So even if somebody releases hardware and software for 4K video, it is not going to go ANYWHERE. The studios in particular are VERY wary of releasing the original master files of the movies for the Chinese to rape and pillage. It wouldn't even be noticeably better until we got to 100" or even 150" screens. Now you are limited to projectors instead of flat panels, and panels outsell projectors by 100 to 1. People who think that 4K is ever going to become a mainstream product have been smoking far too much crack cocaine and suffer from delusions.
And besides, those quantifiable specs have no meaning when it comes to the true performance of a video (or audio) system. The ONLY thing that matters, that is worth trying to pursue is "the involvement factor". When you start playing that music or that movie, are you COMPLETELY sucked in to the music or the plot of the movie? Does EVERYTHING else fade into the background so when the movie is finished it takes a few minutes to return to our "normal" reality?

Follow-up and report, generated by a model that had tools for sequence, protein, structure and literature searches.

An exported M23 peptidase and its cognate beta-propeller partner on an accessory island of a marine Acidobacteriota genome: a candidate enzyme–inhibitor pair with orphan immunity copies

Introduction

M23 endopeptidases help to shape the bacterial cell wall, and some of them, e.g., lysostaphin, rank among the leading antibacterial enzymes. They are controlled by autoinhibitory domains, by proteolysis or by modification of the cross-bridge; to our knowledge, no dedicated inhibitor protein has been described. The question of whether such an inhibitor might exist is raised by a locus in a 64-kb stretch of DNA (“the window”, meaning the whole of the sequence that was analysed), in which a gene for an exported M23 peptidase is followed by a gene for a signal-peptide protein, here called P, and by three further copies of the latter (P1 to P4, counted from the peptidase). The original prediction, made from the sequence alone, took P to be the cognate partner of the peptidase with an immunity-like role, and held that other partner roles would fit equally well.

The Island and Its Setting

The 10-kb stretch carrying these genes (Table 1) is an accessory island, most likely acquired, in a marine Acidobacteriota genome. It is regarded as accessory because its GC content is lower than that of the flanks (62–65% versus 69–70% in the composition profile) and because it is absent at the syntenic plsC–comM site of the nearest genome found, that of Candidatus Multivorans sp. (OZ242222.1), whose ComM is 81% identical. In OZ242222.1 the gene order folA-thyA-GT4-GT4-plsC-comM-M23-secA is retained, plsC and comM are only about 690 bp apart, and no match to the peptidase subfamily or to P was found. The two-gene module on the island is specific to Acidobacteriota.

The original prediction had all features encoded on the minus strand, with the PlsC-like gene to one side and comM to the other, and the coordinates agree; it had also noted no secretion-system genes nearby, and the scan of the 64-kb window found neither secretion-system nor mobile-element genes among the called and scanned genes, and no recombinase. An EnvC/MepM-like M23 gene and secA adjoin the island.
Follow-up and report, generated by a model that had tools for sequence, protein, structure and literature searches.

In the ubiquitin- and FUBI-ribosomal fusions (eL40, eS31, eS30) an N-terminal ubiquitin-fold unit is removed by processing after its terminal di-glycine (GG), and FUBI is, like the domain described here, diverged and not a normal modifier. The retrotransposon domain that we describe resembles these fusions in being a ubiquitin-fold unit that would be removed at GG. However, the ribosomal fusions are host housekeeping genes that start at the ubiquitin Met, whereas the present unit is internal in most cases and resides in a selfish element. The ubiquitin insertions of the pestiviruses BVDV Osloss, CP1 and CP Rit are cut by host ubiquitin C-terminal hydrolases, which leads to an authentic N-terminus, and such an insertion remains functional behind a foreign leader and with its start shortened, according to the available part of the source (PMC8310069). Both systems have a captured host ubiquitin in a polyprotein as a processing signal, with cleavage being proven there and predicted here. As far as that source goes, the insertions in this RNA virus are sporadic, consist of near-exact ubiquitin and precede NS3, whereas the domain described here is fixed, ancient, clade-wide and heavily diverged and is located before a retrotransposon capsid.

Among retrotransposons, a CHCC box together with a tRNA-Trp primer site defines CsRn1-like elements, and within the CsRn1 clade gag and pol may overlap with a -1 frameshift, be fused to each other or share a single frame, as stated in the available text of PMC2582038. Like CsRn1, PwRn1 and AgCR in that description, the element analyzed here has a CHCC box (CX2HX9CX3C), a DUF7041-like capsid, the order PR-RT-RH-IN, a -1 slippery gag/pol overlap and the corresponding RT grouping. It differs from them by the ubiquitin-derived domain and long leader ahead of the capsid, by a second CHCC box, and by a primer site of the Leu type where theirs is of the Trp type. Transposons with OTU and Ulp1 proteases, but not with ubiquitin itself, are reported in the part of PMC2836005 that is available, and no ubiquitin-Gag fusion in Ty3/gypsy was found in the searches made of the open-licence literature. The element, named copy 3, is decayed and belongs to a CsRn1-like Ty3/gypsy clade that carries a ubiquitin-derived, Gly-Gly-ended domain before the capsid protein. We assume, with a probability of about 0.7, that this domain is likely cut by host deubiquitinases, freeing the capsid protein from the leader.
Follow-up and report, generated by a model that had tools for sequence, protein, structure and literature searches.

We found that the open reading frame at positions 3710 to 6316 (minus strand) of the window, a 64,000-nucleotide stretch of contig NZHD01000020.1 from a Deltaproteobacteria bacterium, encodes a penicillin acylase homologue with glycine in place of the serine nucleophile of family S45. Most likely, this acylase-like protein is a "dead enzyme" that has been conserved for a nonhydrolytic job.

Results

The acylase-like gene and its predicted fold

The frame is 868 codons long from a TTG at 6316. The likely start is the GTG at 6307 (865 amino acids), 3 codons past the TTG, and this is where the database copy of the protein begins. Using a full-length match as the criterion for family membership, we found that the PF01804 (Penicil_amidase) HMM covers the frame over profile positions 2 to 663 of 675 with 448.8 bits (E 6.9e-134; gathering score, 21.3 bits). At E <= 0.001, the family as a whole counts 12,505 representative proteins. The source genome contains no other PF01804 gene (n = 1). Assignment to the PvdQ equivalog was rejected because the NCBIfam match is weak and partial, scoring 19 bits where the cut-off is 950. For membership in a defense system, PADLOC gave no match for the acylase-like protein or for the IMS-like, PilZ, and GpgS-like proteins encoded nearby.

Or is it the case that when you turn on your system, that your brain keeps thinking about the bills that are due and haven't yet been paid or the jerk at work that is making your job miserable, or that you need to change the oil on your car or that sometime this year that you will need to re-roof the house, yadda, yadda, yadda?
I would FAR rather watch a film on DVD with an Ayre D-1xe on a Pioneer Kuro in HT2.0 than watch the same film on a cheap Chinese Blu-ray player with dozens of on-board switching power supplies and crappy high-feedback op-amps in the SSP and one of those terrible multi-channel analog volume controls that ruin the sound quality. The first would be completely engaging and absorbing. The second would allow you to see the hairs in the actors' noses, but would be about as compelling as watching it in 1080p on a Nexus 7 tablet -- fine for distracting you from the miserable experience that long airplane flights have become, but hardly something that will convey all the power and emotion available a masterpiece film like "Dersu Uzala" or even "Amelie".
Ayre Acoustics, inc.Edited by Charles Hansen - 4/6/13 at 10:17pm